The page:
The pans should be lined with parchment unless you’re in love with scrubbing hard, baked-on cinnamon sugar.
The pans I use are pretty cheap. They don’t need to be fancy or great-quality. You can get them anywhere. I use 8x8s all the time so I think they’re a good investment. Otherwise, you can come up with any sort of configurations among the different pans you have. Just make sure you’ve got 1-2″ between each roll.
Now it’s time to let the rolls rise again. You’ll let them rise until they’re just barely touching. It won’t take as long as it did the first time. I’d check the rolls after 25 minutes to see how they’re progressing. While they rise you should make the frosting. (I’m not going to give you a photo tutorial because 1. it’s pretty basic and hard to screw up, and 2. pictures of white frosting in a bowl are beyond boring.)
Once the rolls are touching, preheat the oven to 330º and bake until they’re golden brown (about 16-18 minutes. Longer if you have more in a big pan.)
Ocassionally one or two rolls will develop a Tower of Babel spiral coming out of the center. If this happens, gently press the top of the spiral down with a fork until the roll is perfectly flat across the top. While the rolls are still warm, slather with frosting. You might want to hide one from the
hordes of locusts family at this point. You deserve at least a couple of these.
These rolls take about four hours from start to finish. Most of the time will be waiting around while the dough rises and you won’t have to do anything. But it means you’ll be getting up pretty early to make these for breakfast. A lot of times I’ll make most of the recipe the night before. You can do everything up to letting the rolls rise in their pans. Before they’ve done their second rise, cover the pans with plastic wrap or a towel and put them in the fridge overnight. The next morning they’ll do their final rise and be baked. Just be warned that since they’ve been very cold all night, it will take them much longer to rise. Preheat your oven for one minute (don’t forget to turn it off!) and let them rise there. It may take up to 70 minutes for them to rise. Give yourself an hour and a half from the time you take them out of the fridge til the time breakfast will be served, just to be on the safe side.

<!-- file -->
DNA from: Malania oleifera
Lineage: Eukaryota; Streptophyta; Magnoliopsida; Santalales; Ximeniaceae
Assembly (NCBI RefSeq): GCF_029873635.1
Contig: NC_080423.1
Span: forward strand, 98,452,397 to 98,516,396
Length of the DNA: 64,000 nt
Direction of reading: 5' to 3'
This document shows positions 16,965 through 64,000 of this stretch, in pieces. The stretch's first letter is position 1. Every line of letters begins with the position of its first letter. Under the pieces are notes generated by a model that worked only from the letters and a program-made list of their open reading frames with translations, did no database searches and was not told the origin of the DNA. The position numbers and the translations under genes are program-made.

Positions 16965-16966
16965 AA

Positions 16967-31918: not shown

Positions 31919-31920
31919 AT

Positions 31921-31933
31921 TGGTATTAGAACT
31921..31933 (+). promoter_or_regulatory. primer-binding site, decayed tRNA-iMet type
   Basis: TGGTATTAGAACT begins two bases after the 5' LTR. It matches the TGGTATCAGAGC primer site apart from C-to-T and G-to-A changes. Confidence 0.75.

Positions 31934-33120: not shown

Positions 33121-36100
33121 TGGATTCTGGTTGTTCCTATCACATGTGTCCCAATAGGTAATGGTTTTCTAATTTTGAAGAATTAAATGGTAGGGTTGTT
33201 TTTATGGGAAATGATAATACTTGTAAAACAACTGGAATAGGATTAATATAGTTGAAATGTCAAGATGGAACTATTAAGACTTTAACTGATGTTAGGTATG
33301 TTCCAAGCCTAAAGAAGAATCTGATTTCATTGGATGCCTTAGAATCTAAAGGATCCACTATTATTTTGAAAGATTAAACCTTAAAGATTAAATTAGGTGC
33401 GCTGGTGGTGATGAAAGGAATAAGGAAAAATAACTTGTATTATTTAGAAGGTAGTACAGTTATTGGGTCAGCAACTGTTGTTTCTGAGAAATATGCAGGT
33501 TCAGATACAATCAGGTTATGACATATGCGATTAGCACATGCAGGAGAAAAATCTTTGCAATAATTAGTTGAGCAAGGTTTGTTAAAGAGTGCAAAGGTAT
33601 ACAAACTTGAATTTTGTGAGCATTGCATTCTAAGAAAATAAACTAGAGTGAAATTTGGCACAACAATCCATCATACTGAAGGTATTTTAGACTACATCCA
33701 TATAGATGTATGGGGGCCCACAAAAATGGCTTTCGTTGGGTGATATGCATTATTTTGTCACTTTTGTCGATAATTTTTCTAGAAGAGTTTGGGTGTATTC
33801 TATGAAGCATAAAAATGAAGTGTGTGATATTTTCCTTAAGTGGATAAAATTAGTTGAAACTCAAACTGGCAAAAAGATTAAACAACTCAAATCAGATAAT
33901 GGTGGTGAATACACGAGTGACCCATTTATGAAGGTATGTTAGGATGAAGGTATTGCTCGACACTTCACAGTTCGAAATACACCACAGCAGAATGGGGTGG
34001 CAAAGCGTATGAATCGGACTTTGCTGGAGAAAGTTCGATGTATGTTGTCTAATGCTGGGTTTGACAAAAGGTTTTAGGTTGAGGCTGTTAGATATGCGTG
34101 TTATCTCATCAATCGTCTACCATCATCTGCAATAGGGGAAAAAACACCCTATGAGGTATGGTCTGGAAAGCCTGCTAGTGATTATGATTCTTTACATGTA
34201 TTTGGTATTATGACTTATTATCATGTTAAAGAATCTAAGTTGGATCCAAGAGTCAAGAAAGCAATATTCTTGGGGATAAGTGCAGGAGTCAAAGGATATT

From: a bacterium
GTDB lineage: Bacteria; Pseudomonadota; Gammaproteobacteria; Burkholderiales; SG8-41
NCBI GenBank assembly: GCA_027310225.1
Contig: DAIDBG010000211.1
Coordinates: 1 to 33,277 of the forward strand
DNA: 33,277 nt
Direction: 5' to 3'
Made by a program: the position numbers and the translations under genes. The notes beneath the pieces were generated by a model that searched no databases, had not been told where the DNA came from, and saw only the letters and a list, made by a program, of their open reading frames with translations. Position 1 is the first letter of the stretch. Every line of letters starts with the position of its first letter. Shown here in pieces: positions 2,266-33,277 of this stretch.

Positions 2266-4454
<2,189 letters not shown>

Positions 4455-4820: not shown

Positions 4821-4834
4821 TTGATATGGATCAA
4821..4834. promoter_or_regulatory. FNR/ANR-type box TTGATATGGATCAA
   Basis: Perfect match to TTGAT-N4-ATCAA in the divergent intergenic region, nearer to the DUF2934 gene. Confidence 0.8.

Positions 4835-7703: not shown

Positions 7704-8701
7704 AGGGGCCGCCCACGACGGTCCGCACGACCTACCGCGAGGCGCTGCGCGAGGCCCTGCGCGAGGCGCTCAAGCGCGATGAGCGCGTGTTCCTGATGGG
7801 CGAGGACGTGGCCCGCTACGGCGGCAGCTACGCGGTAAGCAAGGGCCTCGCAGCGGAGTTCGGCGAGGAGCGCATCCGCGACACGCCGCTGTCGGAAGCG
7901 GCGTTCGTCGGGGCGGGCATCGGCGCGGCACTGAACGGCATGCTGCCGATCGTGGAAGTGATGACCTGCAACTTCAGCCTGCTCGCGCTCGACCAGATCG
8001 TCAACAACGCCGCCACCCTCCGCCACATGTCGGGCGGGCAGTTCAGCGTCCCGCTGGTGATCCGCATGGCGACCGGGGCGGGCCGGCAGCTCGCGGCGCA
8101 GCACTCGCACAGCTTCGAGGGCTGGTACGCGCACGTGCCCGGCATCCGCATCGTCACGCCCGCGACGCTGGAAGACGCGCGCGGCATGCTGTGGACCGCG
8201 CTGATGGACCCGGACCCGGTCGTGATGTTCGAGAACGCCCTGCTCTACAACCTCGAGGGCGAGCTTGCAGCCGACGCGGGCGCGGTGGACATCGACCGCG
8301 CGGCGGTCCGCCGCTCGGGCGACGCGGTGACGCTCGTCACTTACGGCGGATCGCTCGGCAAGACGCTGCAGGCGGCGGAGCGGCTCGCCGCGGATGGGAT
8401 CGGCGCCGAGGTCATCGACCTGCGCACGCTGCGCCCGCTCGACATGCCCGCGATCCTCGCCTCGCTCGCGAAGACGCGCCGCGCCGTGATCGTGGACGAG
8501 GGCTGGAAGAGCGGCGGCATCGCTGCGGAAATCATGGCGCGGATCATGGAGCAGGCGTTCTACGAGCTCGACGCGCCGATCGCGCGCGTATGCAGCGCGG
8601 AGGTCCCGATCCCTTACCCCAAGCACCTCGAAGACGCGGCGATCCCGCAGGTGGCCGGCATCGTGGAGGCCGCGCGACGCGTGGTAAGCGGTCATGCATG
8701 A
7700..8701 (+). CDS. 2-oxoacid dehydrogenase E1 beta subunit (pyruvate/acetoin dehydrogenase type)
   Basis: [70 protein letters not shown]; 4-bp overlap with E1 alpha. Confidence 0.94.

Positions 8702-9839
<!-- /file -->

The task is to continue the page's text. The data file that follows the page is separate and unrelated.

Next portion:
Hildie’s Marvelous Cinnamon Rolls
1 egg at room temp, slightly beaten
1 cup whole milk
1/4 cup water
1/2 cup butter, melted
1 tsp. vanilla
4 1/2 cups bread flour
1/2 cup sugar
1 Tbs. vital wheat gluten
1/2 tsp. salt
1/4 oz. yeast
1/2 cup margarine or butter, softened
1 cup brown sugar, firmly packed
5 Tbs. cinnamon
4 oz cream cheese, slightly softened
1/2 cup butter, slightly softenend
1 3/4 cups powdered sugar
1 tsp. vanilla
3-4 drops lemon flavor
In a mixing bowl, beat one egg with a whisk. Pour milk and water into a large measuring cup and heat in microwave until very warm (about 60 seconds). Add to mixing bowl. Add melted butter and vanilla.
Add dry ingredients to mixing bowl in order listed (these can also be made in a bread machine on the “dough” setting). Mix ingredients til well-combined. Remove paddle attachment and use dough hook. Knead with dough hook for five minutes.
Allow dough to rise in a warm place until doubled (45-60 minutes). Remove dough from bowl and roll into rectangle 24″ x 15″. Spread rectangle with softened margarine, avoiding one long edge. Combine brown sugar and cinnamon in a small bowl and sprinkle over margarine, avoiding clean edge. Use a rolling pin to lightly press sugar into margarine.
Starting at long edge opposite clean edge, roll up dough tightly. Pinch edge to seal.
Using dental floss, trim edges flat. Gently mark off 15 rolls about 1 1/2″ wide. Cut with dental floss.
Line three 8×8 pans with parchment paper. Place five rolls in each pan and let rise til gently touching (25-40 minutes).
Preheat oven to 330° and bake until golden brown (16-18 minutes). Don’t bake more than two pans at once.
Place cream cheese and butter in mixing bowl. Using whisk attachment, beat for four minutes on low speed. Then beat for four minutes on med-high speed.
Add one cup of sugar and mix on low for one minute. Add remaining sugar and mix an additional minute. Add vanilla and lemon and mix on high for one minute on med-high.
Frost rolls while still warm.